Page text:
Conflating the issues of LGB media representation and public perception was a mistake imo. Having taken the survey, I felt it produced a number of leading questions, built upon premises which I did not accept.

  15. I doubt the BBC would have asked a question about how comfortable white people felt about seeing black people on TV because it’d go without saying that obviously all races should be represented. However, it always seems OUR rights are up for discussion.

    That was the sort of reason why I chose not to respond to their survey. An organisation which had a responsible attitude to diversity and inclusiveness would never dream of having a public consultation about black representation, for example. It simply wouldn’t need to.

    I do, however, write a blog which some people might think relevant.

  16. Connor Wallace 30 Sep 2010, 1:21pm

    I’m sick to death of every gay character on TV (not just the BBC)being either a complete fairy (Sean off corrie), a husband stealer (Christian, eastenders), or a psycho self hating lunatic ( Aaron, Emmerdale). The “1 in 5″ that don’t want to see gay people really would benefit from seeing realistic portrayal of gay people. And i don’t think Sean that horrible slapper Christian is helping anyone.

  17. It is no surprise gay people crying discrimination use hate terms like “psycho” and “lunatic”. Names which are designed to stigmatise and breed hate against people with mental health issues. Seems there needs to be an accurate and fair portrayal of people with mental health issues in the media. But I would not expect more from people hailing from that backward miserable isle of Hibernia, and most anti Irish sentiment is usually a well founded and rational prejudice based on facts and reality.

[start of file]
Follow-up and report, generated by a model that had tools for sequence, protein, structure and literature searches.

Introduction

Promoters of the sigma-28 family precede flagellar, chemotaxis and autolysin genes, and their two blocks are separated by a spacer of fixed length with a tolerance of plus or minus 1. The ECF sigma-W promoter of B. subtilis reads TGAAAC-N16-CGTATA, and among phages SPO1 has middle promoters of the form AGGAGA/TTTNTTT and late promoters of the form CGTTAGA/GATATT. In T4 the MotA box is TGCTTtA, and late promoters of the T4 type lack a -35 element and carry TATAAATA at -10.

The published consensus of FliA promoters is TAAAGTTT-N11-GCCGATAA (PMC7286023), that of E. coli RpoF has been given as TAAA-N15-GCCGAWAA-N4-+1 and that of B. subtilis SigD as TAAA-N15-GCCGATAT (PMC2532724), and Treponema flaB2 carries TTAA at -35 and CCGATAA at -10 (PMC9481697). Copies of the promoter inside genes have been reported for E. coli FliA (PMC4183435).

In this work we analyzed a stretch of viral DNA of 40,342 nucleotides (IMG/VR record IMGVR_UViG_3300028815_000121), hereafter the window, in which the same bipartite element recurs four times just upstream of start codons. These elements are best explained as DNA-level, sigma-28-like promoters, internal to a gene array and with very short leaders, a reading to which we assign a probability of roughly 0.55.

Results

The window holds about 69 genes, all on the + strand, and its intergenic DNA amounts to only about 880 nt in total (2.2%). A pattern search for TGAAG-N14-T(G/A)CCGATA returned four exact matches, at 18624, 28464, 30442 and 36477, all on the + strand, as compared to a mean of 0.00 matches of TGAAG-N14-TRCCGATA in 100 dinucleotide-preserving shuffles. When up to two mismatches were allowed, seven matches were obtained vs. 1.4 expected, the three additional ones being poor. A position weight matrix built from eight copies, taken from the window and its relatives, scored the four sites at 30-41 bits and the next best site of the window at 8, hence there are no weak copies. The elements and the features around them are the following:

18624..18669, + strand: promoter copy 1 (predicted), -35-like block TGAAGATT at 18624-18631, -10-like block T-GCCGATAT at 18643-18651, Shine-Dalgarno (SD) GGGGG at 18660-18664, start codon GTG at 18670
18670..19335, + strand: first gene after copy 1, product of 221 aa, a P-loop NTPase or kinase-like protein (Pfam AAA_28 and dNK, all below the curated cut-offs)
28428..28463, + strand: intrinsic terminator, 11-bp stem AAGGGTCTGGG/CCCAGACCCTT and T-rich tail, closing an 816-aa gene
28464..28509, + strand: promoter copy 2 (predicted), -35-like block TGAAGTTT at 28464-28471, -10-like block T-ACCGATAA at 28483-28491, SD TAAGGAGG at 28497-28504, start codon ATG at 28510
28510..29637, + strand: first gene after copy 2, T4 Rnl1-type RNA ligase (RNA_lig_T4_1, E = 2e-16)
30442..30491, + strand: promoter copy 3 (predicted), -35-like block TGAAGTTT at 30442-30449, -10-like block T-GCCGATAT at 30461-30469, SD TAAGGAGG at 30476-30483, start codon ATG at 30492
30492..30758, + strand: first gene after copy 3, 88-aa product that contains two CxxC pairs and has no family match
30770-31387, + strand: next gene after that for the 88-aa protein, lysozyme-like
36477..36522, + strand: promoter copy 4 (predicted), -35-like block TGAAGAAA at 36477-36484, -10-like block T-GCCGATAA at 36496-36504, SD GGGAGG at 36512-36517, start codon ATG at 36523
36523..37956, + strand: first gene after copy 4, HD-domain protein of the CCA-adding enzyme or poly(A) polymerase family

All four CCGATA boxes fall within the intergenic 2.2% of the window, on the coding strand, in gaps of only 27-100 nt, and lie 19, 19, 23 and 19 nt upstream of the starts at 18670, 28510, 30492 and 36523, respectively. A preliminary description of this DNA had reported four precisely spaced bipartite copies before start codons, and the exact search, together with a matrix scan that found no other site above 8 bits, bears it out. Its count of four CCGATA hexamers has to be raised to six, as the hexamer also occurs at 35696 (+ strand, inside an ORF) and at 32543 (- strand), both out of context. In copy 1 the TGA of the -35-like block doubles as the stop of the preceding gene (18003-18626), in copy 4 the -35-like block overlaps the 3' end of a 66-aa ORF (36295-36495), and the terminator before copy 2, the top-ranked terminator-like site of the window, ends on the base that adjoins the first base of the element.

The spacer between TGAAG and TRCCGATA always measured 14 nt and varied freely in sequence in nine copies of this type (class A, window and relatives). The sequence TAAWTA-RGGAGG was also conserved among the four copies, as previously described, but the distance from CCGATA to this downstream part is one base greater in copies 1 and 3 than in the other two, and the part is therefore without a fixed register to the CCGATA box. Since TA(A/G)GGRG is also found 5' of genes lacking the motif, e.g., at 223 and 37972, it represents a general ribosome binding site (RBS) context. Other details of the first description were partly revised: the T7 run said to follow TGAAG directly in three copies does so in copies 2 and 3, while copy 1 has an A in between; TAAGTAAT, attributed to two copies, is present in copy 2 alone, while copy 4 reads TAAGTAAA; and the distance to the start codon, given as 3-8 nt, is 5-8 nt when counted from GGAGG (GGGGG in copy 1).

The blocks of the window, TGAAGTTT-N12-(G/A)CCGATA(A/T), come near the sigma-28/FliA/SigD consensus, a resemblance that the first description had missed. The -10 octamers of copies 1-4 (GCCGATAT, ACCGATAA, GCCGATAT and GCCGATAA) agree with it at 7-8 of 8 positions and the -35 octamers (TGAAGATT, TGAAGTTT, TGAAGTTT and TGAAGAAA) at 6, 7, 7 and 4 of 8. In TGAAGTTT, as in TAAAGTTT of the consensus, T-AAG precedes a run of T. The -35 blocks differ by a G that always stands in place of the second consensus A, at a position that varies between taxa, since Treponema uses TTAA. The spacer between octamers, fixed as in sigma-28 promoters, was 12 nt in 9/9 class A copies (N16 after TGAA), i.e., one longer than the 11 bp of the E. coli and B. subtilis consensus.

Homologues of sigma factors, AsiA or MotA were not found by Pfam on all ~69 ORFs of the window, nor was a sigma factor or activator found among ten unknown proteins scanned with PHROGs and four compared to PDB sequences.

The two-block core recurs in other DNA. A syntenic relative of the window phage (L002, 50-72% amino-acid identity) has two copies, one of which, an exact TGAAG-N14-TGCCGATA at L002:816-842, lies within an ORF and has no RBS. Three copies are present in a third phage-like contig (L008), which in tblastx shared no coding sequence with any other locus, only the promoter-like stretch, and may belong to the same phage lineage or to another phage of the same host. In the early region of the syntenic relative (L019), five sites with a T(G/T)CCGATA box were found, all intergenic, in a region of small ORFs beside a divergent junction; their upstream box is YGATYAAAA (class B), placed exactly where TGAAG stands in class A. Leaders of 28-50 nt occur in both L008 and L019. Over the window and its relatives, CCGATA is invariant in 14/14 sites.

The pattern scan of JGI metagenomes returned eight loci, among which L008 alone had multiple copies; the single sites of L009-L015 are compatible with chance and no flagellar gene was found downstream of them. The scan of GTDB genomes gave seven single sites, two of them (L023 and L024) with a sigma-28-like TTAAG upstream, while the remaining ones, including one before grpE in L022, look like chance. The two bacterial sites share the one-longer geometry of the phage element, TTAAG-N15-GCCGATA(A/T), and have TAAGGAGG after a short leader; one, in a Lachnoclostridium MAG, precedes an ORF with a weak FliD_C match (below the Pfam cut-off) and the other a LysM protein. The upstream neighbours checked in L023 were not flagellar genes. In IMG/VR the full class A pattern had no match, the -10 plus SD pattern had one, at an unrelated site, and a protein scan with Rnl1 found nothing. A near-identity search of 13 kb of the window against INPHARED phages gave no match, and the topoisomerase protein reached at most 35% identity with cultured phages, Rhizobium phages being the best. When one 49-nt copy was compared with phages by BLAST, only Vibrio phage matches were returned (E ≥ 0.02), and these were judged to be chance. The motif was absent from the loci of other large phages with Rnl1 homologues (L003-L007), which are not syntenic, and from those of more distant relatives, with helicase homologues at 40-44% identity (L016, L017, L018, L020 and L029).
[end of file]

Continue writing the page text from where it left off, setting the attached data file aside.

18. PETER TATCHELL’S REPLY
    BBC gay report is “flawed progress”

    Some gay issues still not addressed

    London – 30 September 2010

    “The BBC’s research on its portrayal of lesbian, gay and bisexual (LGB) people is ground-breaking progress. But is also flawed in key aspects,” said human rights campaigner Peter Tatchell of the LGBT rights campaign group, OutRage!

    “The report does not adequately address complaints that the BBC gives proportionately little airtime to gay people or issues, and that its news coverage of homophobic hate crimes and gay human rights violations is often patchy. In the name of balance, the BBC too often reports extreme homophobic views, whereas it would not give a platform to similar racist or anti-Semitic opinions. It is guilty of featuring too many camp, stereotypical gay comedians and either neglecting or sensationalising transgender people,” he added.

    Mr Tatchell was commenting on the publication today of the BBC report, Portrayal of lesbian, gay and bisexual people on the BBC:
    http://www.bbc.co.uk/news/entertainment-arts-11437742

    “The real bench mark is to compare the BBC’s portrayal of gay issues with its depiction of black issues. Quite rightly, the BBC has a zero tolerance of racism but when it comes to homophobia it seems to show more leeway. Why two different responses to prejudice?